Third, renal and peripheral effects of chronic moderate exercise for 12 weeks were assessed in a rat model of diabetic nephropathy (Goto–Kakizaki rats) and the benefits of combined exercise and LOS [24]. LOS and chronic exercise+LOS significantly decreased systolic blood pressure (SBP). chronic exercise, chronic exercise+LOS, and LOS blunted the increases in proteinuria. The glomerular sclerosis and interstitial fibrosis were significantly improved in the chronic exercise, chronic exercise+LOS, and LOS groups. The glomerular sclerosis, expressions of ED-1 and a-smooth muscle actin in the glomerulus was the lowest, and the number of Wilms’ tumor was the highest in the chronic exercise+LOS group. Exercise endurance, the proportion of type I fibers, and capillarization in the extensor digitorum longus muscle were greater in the exercise groups. These results suggest that both chronic exercise and LOS have renoprotective effects, and that chronic exercise+LOS provided greater renoprotective effects than did LOS alone. Further, both chronic exercise and LOS may affect macrophage infiltration, mesangial activation, and podocyte loss in this model of diabetic nephropathy. These results also suggested that exercise has a specific renoprotective effect that is not related to SBP reduction, and can enhance exercise endurance without any renal complications [24].

Finally, effects of chronic exercise on the early stage of diabetic nephropathy were evaluated by focusing on nitric oxide synthase (NOS), oxidative stress, and glycation in the kidneys of Zucker diabetic fatty (ZDF) rats [25]. Male ZDF rats underwent forced treadmill exercise for 8 weeks (Ex-ZDF). Sedentary ZDF (Sed-ZDF) and Zucker lean (Sed-ZL) rats served as controls. Chronic exercise attenuated hyperglycemia with increased insulin secretion, reduced albumin excretion, and normalized creatinine clearance in ZDF rats. Endothelial (e) and neuronal (n) NOS expression in the kidneys of Sed-ZDF rats were lower compared with Sed-ZL rats, while both eNOS and nNOS expression were upregulated by exercise. Furthermore, chronic exercise decreased NADPH oxidase activity, p47phox expression and α-oxoaldehyde levels (the precursors for advanced glycation end products) in the kidneys of ZDF rats. Additionally, morphometric evidence indicated that renal damage was reduced in response to exercise. These data suggest that the upregulation of NOS expression, suppression of oxidative stress and glycation stress in the kidneys may, at least in part, contribute to renoprotective effects of exercise training in the early progression of diabetic nephropathy in ZDF rats [25].

Renal rehabilitation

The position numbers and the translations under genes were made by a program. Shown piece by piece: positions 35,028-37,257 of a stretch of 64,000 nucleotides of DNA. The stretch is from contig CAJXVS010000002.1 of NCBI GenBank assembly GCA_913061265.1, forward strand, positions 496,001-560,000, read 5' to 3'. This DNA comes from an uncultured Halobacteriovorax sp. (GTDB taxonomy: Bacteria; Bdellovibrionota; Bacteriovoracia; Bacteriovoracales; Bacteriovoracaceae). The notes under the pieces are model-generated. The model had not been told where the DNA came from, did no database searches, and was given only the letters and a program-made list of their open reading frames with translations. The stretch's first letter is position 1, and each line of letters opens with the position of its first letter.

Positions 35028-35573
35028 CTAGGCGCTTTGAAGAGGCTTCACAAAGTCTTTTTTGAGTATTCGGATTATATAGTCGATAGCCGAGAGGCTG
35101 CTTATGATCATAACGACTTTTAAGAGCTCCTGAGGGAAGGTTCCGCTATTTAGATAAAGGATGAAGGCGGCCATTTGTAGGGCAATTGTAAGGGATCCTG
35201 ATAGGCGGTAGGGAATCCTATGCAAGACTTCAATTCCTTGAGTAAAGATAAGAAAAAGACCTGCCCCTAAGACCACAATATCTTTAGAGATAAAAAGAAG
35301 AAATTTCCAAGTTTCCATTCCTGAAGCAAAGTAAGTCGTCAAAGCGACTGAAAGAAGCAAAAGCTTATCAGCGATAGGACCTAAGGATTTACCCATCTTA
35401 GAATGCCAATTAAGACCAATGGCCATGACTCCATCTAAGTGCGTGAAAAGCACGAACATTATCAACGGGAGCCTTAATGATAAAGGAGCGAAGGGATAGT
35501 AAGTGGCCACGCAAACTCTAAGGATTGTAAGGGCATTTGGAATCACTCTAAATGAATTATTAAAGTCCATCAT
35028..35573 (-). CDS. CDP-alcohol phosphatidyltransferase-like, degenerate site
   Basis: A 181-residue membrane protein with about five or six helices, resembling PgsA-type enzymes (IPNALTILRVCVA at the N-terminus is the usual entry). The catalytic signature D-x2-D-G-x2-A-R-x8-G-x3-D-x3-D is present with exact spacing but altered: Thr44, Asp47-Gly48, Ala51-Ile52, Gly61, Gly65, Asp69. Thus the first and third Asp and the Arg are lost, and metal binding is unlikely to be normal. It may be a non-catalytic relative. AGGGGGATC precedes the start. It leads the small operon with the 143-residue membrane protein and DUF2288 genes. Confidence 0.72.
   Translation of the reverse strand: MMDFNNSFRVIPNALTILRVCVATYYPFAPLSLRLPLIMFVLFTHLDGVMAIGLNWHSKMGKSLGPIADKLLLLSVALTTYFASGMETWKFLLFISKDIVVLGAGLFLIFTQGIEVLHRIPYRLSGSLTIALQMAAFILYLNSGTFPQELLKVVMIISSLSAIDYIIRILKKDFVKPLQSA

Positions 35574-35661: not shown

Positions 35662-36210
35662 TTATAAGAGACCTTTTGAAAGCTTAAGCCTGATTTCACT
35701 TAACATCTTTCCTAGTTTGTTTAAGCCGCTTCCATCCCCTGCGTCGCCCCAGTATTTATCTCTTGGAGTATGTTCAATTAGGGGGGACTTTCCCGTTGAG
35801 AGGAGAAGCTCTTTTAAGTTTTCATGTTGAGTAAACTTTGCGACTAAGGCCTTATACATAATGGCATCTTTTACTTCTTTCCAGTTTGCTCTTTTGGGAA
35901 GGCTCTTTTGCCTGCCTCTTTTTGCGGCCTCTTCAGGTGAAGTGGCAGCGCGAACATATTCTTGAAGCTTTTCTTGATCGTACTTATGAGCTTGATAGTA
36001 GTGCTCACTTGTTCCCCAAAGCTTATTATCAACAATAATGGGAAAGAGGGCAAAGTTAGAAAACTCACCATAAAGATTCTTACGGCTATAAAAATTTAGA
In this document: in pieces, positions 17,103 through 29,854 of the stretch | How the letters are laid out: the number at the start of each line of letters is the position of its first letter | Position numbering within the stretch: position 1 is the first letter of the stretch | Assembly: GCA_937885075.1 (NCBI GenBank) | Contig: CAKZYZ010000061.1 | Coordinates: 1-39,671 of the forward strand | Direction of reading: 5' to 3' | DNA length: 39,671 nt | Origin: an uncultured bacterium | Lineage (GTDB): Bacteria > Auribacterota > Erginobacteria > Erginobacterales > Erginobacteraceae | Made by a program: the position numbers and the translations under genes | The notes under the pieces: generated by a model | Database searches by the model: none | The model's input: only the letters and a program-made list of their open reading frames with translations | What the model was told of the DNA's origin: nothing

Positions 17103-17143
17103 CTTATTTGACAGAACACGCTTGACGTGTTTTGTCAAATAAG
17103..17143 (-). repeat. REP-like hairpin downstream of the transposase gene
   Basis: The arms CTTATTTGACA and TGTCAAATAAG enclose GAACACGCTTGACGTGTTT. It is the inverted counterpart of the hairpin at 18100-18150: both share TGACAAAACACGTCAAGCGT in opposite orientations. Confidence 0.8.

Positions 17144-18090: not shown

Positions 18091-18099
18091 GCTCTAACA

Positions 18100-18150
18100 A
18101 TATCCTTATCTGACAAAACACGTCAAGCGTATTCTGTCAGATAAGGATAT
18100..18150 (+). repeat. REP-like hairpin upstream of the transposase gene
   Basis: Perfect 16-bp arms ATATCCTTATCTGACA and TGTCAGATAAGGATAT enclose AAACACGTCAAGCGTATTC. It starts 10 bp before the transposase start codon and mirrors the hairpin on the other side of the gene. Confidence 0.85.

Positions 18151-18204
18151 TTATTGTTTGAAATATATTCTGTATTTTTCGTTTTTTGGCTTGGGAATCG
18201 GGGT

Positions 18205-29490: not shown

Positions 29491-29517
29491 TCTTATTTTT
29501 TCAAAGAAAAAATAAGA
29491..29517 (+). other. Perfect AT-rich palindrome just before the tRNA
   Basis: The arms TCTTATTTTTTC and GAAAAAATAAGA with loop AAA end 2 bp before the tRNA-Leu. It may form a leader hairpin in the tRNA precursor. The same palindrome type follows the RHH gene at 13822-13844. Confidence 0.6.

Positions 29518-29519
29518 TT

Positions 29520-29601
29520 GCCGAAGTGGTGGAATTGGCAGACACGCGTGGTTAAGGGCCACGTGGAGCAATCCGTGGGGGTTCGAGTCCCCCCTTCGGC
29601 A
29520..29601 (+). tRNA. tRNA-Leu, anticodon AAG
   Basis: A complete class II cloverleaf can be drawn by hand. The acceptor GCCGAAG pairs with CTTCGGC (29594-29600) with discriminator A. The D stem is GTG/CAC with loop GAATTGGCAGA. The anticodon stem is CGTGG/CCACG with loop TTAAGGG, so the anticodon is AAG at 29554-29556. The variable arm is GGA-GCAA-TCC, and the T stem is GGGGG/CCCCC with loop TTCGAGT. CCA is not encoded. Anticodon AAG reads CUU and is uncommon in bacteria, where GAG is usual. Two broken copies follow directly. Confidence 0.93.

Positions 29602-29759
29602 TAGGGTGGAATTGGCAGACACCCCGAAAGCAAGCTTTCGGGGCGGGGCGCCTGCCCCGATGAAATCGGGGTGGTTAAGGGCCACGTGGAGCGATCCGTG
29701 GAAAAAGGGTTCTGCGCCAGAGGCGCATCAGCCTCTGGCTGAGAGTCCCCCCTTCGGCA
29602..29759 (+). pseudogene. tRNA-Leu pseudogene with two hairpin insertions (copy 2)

Urgent efforts should be made to increase the implementation rate of rehabilitation for CKD patients. “The Japanese Association of Renal Rehabilitation” was established in 2011 to evaluate and promote “renal rehabilitation” [4]. Renal rehabilitation was defined as “coordinated, multifaceted interventions designed to optimize a renal patient’s physical, psychological, and social functioning, in addition to stabilizing, slowing, or even reversing the progression of renal deterioration, thereby reducing morbidity and mortality. Renal rehabilitation includes five major components: exercise training, diet, and fluid management, medication and medical surveillance, education, psychological and vocational counseling” [4]. Exercise therapy can be an effective clinical strategy for improving renal function and lower RRT risk in non- non-dialysis CKD patients.


This review focuses on the importance and efficacy of renal rehabilitation for CKD patients. Renal rehabilitation can improve not only the QOL, but also the biological lifespan of CKD patients. Renal rehabilitation is a feasible, effective, and safe secondary prevention strategy following CKD, and offers a promising model for the new field of rehabilitation. Future randomized controlled trials should focus more on the effects of exercise training and rehabilitation programs as these subjects and exercise types have not been studied as much as cardiovascular exercise.


This work was supported by JSPS KAKENHI Grant Number 17H02119.


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Editorial Information


Martin Grabois
Baylor College of Medicine

Article Type


Publication history

Received date: November 19, 2017
Accepted date: November 25, 2017
Published date: November 27, 2017


© 2017 Miura M. This is an open-access article distributed under the terms of the Creative Commons Attribution License, which permits unrestricted use, distribution, and reproduction in any medium, provided the original author and source are credited.


Miura M (2017) Renal rehabilitation: Present and future perspectives. Phys Med Rehabil Res 2: DOI: 10.15761/ PMRR.1000S1002

Corresponding author

Misa Miura

Tsukuba University of Technology, Faculty of Health Science, Kasuga 4-12-7, Tsukuba, Ibaraki 305-852, Japan, Tel: +81-29-858-9552; Fax: +81-29-858-9552